Trump’s ‘deal of the century’


Sir, – The publication of the nefarious Trump “peace plan” calls for an urgent review of the evidently hopeless approach which has been pursued in relation to the Israeli-Palestinian situation by the outgoing Government here. It could hardly have been more obvious to even a casual observer that the current political establishment in Israel is determined to plunder as much Palestinian land as possible, in flagrant violation of international law, with the ultimate goal of annexing it into Israeli territory. It is equally evident that the Trump administration has, from the outset, been determined to actively facilitate the Israeli prime minister Binyamin Netanyahu’s overt efforts to do so.

And yet the Tánaiste and Minister for Foreign Affairs Simon Coveney informed the Seanad in 2018 that Mr Netanyahu “has told me that he is committed to negotiations [and] I believe him”. He also stated (no less than two months after the Trump administration recognised Jerusalem as Israel’s capital), that while “[m]any have given up on this conflict [the Trump] administration has not and that has the potential to be a positive thing.” This remarkable naivety is also reflected in the Tánaiste’s apparent belief that his countless mere statements condemning Israeli violations of international law along with those of his European counterparts will one day cause Israel to reverse course and become a law-abiding member of the international community.

It is long past time to recognise that words of condemnation unmatched by action serve only to embolden Israel in its relentless pursuit of a policy to defeat any hope of the Palestinian people realising their right to self-determination.

What Palestinians desperately need, and indeed what international law demands, is that the international community takes action of the kind prescribed by the Occupied Territories Bill which would ban trade with Israel’s illegal settlements. That this Bill, which was brought successfully through the Seanad by Senator Frances Black and introduced to the Dáil by Fianna Fáil, has the support of all parties bar Fine Gael gives cause for real hope that Ireland is on the cusp of taking such action.

Contrary to the message implicit in the Tánaiste’s opposition to this Bill, Ireland can lead an international movement which reaffirms the primacy of international law as the basis for bringing about a just peace in the Middle East. – Yours etc,



Sadaka — the

Ireland Palestine Alliance,


Co Donegal.

Sir, – At the time of writing, some 26 world leaders from as far afield as Australia, Colombia, Morocco and India have expressed their openness to the US administration’s vision for Middle East peace, including Egypt, Bahrain, the United Arab Emirates, Oman, Qatar and Saudi Arabia.

Given that Saudi Arabia made a point of mentioning its concern for their “Palestinian brothers”, it might be fair to assume they have a deeper insight of their kin’s plight than The Irish Times view on Donald Trump’s peace plan (Editorial, January 29th).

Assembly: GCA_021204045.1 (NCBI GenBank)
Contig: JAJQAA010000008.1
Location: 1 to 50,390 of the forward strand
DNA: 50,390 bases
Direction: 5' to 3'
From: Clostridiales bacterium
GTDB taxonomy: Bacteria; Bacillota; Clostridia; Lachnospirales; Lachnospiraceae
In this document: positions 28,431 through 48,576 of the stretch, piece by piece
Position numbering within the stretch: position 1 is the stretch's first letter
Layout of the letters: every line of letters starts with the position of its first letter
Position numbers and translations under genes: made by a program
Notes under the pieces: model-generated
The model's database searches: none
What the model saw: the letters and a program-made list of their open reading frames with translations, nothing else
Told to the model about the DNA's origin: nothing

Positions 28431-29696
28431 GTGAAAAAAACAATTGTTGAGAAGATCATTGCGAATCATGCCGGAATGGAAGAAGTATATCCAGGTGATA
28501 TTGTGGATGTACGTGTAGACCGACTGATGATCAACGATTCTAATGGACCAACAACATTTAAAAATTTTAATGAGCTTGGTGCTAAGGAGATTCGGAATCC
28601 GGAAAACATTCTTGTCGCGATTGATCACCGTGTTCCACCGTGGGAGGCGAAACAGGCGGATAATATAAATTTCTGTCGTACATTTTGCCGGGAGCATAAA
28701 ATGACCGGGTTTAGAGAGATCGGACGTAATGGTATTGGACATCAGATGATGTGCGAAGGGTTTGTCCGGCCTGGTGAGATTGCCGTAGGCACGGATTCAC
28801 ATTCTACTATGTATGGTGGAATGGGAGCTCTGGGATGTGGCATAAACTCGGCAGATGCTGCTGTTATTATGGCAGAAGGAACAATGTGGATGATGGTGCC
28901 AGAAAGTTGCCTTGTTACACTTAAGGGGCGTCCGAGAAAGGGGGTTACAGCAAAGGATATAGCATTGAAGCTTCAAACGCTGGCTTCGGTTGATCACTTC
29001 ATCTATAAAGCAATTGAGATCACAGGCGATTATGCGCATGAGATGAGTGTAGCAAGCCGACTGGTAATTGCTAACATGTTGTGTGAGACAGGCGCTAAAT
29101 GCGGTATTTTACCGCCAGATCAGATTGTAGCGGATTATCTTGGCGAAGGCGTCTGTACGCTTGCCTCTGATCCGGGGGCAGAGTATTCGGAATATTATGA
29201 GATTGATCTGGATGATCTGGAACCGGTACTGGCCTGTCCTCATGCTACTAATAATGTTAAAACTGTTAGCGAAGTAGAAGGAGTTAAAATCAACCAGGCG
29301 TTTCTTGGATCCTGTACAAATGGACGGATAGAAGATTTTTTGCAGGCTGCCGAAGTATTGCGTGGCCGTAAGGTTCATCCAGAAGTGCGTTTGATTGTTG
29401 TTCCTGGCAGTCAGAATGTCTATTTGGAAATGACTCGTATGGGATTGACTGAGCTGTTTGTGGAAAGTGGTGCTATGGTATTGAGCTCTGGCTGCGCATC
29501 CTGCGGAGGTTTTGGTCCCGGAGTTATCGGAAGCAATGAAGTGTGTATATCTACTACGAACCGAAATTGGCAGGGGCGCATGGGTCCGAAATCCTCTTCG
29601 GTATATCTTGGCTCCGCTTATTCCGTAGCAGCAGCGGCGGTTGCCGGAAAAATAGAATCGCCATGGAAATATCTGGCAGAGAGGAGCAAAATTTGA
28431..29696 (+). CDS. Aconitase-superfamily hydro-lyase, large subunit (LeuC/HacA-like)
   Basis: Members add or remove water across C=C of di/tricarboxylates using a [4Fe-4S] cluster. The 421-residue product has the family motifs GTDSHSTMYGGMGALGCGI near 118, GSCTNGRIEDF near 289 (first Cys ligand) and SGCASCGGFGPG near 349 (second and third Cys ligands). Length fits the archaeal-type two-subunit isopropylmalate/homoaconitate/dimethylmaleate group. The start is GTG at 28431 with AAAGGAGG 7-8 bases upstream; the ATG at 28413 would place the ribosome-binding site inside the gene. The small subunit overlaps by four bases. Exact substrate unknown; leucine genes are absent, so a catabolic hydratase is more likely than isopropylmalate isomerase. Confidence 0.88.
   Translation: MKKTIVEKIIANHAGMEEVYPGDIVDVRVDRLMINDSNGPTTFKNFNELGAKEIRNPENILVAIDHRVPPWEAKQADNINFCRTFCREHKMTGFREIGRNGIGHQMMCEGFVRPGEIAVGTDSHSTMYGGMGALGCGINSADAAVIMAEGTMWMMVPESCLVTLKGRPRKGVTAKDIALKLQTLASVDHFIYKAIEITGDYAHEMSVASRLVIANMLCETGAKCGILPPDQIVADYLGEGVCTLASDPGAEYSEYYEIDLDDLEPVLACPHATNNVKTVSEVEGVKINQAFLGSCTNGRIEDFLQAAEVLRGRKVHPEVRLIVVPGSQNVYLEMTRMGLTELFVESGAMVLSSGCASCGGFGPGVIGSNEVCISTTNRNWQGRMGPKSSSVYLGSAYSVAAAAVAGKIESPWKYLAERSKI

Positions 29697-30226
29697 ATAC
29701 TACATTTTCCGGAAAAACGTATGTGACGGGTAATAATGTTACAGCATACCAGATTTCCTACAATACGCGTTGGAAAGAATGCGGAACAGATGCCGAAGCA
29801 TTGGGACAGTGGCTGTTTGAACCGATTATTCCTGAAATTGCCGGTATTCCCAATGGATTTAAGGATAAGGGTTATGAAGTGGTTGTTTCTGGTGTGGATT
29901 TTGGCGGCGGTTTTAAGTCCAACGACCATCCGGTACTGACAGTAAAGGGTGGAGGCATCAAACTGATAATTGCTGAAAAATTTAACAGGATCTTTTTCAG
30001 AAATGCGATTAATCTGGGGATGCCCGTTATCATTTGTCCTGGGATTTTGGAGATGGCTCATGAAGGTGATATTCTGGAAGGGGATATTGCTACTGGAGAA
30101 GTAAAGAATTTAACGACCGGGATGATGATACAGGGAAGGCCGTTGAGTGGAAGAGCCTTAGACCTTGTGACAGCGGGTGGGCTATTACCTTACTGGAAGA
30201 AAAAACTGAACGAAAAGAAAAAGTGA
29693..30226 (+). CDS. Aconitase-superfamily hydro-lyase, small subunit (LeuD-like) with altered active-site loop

Those who have taken the time to read the document objectively, realise that it is not a comprehensive plan, rather it is a vision statement.

Far from giving “one side […] most of what it wants” and “warn[ing] the other side of dire consequences”, many Arab-Israeli leaders are not at all happy about the vision. Not because they believe it disadvantages Palestinians, but because they wish to remain living under Israeli sovereignty rather than becoming citizens of a future Palestinian state; they know only too well that despite billions of dollars in international aid, life under the current Palestinian Authority is dismal by comparison.

It appears that the Palestinian Authority is not only losing credibility within the international community, but also among their fellow Arabs. And who can blame them? If statesman-in-waiting Mahmoud Abbas refrained from calling for a “Day of Rage” every time he doesn’t get his own way, the majority of his kin might respect him more. Mr Abbas’s call, it should be noted, went mostly unheeded.

Far from “ripping up decades of US policy on all key ‘final status’ issues”, the Oslo Accords offers were not so different, but without the promise of enormous commercial investment of $50 billion into the new Palestinian state, along with the creation of a million new Palestinian jobs over a 10-year period. Surely the majority of ordinary Palestinians, who want nothing more than a decent, stable life for themselves and their children, deserve the support of the international community in calling for an end to the cycle of Palestinian dependency on charity and foreign aid, and the halting of financial compensation to terrorists.

Instead of pouring scorn and negativity on the US administration’s “Peace to Prosperity” vision, should we not be encouraging the Palestinian Authority to at least study what’s on offer? After all, they have four years in which to do so.

Perhaps they can come up with a better alternative. All previous attempts have failed. Yours, etc


Executive Director,

Ireland Israel Alliance,

Dublin 2.